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Diarrheal Morbidity During Hematopoietic Cell Transplantation: The Diagnostic Yield of Stool Cultures

Abstract

Introduction

Diarrhea affects a significant proportion of patients undergoing hematopoietic cell transplantation (HCT). We explored the diagnostic yield of stool cultures for enteric pathogens among patients undergoing HCT.

Methods

This is a single-center, retrospective study. Between 5/2007 and 4/2020, consecutive patients who underwent HCT were included if inpatient bacterial stool cultures were collected. Patient characteristics, results, and timing of stool cultures obtained during hospitalization were collected.

Results

A total of 1072 individuals underwent autologous (n = 603) and allogeneic (n = 469) HCT. Overall, 947 stool culture samples were obtained from 561 (52%) patients with diarrheal illness during hospitalization for HCT. Most (99%) samples were obtained beyond 3 days of admission, mainly (77%) during neutropenia. Overall, only four (0.42%) (autologous, n = 3; allogeneic, n = 1) patients had a positive stool culture and in all cases Campylobacter spp. were the pathogens identified. The number of stool cultures needed-to-test to diagnose one case of bacterial infection was 237. The cost of diagnosing one case of bacterial diarrhea was US $8770. Patients with a positive stool culture did not have discerning characteristics.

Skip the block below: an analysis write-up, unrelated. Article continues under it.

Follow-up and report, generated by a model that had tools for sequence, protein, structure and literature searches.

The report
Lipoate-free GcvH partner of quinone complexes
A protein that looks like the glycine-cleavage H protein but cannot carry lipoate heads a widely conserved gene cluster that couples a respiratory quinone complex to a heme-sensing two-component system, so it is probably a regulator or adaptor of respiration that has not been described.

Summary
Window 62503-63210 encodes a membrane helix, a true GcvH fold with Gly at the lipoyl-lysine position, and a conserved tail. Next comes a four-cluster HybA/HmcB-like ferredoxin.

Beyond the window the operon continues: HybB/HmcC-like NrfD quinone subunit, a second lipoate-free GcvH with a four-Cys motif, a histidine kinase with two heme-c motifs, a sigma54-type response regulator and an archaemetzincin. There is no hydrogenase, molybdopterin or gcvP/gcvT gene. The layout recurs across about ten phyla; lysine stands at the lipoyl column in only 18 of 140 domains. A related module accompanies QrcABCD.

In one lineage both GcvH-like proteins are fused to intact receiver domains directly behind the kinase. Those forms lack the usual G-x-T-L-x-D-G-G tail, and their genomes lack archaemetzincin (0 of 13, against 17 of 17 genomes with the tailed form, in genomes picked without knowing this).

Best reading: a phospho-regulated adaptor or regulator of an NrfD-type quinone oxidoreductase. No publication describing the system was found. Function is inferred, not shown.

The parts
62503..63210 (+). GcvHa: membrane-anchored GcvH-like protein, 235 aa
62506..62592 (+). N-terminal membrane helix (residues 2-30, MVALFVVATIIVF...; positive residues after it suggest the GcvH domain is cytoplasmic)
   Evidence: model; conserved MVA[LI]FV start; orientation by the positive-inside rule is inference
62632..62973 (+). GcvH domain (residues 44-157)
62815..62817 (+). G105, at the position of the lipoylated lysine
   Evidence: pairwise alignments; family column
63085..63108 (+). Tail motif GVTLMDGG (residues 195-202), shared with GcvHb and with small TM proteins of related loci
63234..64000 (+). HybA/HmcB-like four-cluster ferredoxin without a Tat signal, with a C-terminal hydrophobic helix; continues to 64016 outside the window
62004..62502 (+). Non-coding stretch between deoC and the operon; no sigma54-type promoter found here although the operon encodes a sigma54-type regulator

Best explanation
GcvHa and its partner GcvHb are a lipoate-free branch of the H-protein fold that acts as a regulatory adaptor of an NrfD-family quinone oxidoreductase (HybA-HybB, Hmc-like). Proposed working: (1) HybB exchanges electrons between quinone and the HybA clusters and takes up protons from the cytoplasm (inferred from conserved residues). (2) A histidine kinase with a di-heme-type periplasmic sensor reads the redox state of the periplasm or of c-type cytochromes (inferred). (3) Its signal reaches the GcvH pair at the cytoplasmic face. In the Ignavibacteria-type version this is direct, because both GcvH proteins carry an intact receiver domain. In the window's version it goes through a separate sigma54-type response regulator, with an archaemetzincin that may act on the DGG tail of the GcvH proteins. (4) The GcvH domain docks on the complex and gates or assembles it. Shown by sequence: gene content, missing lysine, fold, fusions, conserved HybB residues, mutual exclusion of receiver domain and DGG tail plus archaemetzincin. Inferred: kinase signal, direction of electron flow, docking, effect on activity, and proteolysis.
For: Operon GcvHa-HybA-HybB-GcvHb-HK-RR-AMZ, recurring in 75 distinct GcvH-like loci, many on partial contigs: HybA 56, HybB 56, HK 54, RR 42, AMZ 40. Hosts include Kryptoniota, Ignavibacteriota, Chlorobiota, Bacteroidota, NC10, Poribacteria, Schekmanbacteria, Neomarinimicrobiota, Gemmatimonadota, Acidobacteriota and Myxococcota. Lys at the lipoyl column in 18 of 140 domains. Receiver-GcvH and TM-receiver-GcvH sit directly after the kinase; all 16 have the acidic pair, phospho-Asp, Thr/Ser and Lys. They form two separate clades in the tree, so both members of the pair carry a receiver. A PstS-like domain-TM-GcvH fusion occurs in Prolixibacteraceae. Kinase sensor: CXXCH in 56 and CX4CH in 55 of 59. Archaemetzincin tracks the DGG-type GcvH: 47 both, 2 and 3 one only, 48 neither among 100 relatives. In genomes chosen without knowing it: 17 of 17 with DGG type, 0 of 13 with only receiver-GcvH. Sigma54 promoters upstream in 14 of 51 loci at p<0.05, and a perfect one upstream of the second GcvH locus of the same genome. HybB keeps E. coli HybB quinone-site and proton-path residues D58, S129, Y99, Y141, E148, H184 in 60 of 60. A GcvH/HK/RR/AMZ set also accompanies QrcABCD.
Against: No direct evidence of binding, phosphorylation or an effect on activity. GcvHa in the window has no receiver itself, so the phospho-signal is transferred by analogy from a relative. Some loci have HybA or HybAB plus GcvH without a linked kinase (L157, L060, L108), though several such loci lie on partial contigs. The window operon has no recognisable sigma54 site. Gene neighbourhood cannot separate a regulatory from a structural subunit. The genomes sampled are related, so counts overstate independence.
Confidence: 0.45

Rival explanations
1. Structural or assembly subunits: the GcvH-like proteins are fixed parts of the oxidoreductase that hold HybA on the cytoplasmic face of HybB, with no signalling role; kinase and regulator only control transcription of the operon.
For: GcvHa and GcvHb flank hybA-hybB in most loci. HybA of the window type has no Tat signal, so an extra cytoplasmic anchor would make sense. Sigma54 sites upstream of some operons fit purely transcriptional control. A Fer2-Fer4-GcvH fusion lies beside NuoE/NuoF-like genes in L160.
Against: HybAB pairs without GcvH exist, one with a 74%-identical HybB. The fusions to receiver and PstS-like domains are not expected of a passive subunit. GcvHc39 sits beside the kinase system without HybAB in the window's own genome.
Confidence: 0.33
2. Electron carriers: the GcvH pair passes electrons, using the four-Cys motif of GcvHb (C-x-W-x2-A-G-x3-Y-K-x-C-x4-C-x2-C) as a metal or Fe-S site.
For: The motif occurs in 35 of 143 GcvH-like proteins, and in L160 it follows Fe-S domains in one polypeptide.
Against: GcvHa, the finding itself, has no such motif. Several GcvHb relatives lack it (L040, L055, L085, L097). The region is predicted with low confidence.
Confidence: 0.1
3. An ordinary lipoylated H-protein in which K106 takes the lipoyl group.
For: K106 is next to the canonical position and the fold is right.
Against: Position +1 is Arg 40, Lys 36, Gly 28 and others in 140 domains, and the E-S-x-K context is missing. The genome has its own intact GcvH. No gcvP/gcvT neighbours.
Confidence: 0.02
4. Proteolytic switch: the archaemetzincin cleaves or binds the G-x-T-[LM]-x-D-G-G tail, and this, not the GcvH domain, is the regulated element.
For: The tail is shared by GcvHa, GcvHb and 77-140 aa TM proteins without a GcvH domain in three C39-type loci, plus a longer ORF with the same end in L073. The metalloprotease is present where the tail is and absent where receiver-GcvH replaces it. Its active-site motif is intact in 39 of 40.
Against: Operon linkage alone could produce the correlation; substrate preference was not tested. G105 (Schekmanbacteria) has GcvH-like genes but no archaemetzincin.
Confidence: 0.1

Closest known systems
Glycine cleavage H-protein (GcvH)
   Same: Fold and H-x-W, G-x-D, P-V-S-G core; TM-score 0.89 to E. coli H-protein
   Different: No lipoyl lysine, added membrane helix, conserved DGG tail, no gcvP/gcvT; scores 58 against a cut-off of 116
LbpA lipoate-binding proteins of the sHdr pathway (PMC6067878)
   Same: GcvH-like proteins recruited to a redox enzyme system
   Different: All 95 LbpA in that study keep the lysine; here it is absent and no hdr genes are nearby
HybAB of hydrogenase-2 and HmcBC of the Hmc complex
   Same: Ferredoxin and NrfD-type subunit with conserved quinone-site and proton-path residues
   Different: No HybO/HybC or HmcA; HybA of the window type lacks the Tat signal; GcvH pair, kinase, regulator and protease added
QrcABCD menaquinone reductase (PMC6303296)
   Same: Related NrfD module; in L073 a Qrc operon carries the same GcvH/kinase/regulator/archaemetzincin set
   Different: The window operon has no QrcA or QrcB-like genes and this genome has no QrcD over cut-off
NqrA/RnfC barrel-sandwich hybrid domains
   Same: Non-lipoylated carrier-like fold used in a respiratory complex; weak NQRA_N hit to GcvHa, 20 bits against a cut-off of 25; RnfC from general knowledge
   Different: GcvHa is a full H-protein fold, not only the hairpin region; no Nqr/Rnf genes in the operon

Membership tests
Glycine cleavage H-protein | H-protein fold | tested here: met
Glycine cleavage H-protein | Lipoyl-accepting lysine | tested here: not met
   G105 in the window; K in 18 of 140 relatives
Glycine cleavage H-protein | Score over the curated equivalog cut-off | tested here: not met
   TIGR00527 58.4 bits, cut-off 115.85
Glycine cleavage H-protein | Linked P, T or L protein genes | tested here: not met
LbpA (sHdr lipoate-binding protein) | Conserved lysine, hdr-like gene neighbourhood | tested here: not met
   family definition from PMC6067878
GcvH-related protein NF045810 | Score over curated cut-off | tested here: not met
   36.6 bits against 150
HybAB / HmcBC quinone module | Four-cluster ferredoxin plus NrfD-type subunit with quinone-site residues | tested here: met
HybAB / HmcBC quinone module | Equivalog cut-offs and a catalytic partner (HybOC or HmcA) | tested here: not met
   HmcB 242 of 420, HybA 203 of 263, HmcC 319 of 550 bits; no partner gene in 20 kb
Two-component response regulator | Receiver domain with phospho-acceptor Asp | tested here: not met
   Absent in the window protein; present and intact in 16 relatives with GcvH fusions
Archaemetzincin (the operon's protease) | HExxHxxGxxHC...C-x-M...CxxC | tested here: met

Conclusions

In our experience, the yield of stool cultures for enteropathogens in patients undergoing HCT is extremely low and thus should be avoided in most cases.

FormalPara Key Summary Points
Why carry out this study?
Diarrhea is common among patients undergoing hematopoietic cell transplantation (HCT), especially at the time of neutropenia.
Bacterial stool cultures are frequently obtained in the evaluation of diarrheal morbidity in this setting; however, its yield is unclear.
This is the largest study aiming to assess the yield of bacterial stool cultures in the evaluation of diarrheal morbidity during patients’ admission for HCT.
What was learned from the study?
We found high frequency of stool culture sampling, yet a very low (0.42%) yield of positive stool cultures obtained from patients with diarrheal illness during hospitalization for HCT.
Stool cultures for enteropathogens in patients undergoing HCT should be avoided.

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Introduction

Diarrhea is a frequent complication in patients undergoing autologous and allogeneic hematopoietic cell transplantation (HCT), affecting approximately 50% of patients [1]. While most commonly attributed to mucosal injury induced by high-dose chemo/radio therapy, multiple other etiologies may be involved. The incidence of infectious gastroenteritis associated with HCT reported in the literature varies from 13% to 40% [2,3,4], mostly due to Clostridioides difficile (CD) or viral infection.